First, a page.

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Rating details

814,813 ratings
4.13 out of 5 stars
5 45% (364,781)
4 33% (271,140)
3 15% (123,068)
2 4% (34,645)
1 3% (21,179)

Our customer reviews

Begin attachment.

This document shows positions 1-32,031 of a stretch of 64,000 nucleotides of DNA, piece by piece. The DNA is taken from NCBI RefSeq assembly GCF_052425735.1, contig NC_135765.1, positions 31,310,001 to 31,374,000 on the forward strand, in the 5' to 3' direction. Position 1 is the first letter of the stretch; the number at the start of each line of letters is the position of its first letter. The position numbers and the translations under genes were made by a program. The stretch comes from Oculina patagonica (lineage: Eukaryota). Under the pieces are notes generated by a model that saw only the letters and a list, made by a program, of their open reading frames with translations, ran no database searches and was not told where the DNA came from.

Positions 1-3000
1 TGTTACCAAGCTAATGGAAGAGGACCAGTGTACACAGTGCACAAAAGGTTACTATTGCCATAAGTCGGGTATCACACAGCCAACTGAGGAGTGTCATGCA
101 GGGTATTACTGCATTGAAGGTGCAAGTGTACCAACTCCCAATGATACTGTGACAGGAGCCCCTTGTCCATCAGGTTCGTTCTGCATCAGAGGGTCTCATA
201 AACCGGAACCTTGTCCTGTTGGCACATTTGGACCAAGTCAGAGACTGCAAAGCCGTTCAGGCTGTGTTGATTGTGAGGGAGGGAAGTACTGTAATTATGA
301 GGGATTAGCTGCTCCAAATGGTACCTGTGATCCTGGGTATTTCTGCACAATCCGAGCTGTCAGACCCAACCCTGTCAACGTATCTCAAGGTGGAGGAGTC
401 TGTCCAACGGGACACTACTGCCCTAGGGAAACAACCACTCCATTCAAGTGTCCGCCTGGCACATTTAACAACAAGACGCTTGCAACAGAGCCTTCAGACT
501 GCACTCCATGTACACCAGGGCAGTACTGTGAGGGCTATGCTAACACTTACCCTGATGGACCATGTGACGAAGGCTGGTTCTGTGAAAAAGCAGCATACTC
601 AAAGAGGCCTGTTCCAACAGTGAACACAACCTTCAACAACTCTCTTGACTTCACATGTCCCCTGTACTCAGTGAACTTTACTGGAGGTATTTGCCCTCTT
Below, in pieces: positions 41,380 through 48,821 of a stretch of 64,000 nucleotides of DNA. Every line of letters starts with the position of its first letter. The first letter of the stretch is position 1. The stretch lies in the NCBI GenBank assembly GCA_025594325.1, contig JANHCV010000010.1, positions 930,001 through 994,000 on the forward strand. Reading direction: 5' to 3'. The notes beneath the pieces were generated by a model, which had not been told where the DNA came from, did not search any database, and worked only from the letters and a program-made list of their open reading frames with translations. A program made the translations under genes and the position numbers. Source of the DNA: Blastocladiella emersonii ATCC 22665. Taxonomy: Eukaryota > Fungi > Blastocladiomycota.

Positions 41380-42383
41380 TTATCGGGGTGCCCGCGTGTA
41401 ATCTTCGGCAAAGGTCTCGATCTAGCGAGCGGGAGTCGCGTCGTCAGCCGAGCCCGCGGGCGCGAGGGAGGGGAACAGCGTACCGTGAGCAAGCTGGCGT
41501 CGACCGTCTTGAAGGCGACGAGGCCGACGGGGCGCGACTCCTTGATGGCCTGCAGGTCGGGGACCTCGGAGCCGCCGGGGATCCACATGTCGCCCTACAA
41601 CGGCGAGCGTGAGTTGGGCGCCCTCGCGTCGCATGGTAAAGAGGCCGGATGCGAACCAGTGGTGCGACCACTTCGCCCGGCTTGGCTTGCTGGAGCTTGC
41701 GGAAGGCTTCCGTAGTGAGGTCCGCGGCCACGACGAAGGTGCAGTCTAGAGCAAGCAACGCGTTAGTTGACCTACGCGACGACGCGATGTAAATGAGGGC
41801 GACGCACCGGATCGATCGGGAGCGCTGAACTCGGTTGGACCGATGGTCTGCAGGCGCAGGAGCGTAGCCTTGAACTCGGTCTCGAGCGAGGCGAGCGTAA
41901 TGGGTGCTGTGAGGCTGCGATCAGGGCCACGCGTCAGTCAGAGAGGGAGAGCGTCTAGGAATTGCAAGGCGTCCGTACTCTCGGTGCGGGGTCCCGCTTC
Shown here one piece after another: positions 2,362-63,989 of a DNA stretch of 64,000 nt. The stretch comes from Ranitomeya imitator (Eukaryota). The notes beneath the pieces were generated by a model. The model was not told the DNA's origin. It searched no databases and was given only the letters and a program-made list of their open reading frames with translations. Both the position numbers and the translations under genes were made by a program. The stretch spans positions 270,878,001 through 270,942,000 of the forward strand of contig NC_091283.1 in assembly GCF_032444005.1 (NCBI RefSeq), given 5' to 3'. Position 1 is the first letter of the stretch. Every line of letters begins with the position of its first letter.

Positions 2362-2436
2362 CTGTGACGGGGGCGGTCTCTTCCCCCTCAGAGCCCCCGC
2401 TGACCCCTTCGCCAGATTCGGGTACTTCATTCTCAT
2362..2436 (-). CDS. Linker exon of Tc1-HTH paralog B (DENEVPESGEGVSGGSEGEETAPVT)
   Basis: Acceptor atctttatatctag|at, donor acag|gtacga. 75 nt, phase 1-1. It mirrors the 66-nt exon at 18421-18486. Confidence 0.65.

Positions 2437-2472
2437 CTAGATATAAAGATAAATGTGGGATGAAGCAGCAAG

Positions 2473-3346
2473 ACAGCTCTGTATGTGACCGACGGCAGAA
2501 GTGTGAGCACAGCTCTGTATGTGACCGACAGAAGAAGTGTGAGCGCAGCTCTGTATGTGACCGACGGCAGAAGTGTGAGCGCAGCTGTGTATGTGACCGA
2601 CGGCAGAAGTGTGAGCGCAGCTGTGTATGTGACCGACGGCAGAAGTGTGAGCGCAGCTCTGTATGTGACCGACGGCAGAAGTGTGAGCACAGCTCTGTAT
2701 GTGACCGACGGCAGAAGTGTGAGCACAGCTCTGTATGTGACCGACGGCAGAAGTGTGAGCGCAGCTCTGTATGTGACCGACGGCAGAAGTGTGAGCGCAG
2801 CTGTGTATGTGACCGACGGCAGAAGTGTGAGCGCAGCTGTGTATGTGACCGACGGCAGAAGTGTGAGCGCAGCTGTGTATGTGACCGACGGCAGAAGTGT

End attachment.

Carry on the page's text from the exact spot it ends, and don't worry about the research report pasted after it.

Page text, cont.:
Cinder is an amazing retelling of the Cinderella fairytale (in case that wasn't obvious). I'm not even sure I can explain just how great this book is, I loved it from the first page to the very last. When a story has cyborgs, princes, androids, aliens, a deadly plague that's bound to wipe out the human race, it's bound to be spectacular. Linh Cinder is a strong female character, her problems and insecurities only leading to her becoming even stronger. It's the first time I agree through and through with all of the character's decisions and ways of handling matters. You can also easily connect not just with her, but with the side characters as well. For example, there's a little child who appears briefly in the book, but it's one that definitely leaves an impression. The villain is absolutely fascinating! Queen Levana is an extremely powerful enemy, one that you should never ever cross. The entire Lunar race is so enjoyable to read, from their abilities to their quite large family tree :) There were a lot of plot twists that you could easily predict, however this just makes you want to keep on reading to see how everything unravels. And it wouldn't be Cinderella without a ball, right? That was by far my favorite scene from Cinder, so much was going on that I just couldn't put the book down. *Favorite quotes "Even in the Future the Story Begins with Once Upon a Time." "Prince Kai! Check my fan, I think I'm overheating." *Rating Characters: 5/5 Main character, side characters, every single person mentioned is amazeballs!! - except Adri, of course - Romance: 4/5 While I absolutely loved it, I wanted much much more (which I'm hoping we'll get in the sequel). Pacing/Length: 4.5/5 Don't get me wrong, the beginning of the book was interesting too, but in the end you were just getting your face slapped with constant action and plot twists and did I say action?! I'm well aware a book can't be all about that - and that's why the beginning was a tiny bit slower - , but the change was so quick that you can tell from where it started to get really good. Cover: 5/5 In love with it. Always have been, always will be. Plot: 5/5 DAMN this story is more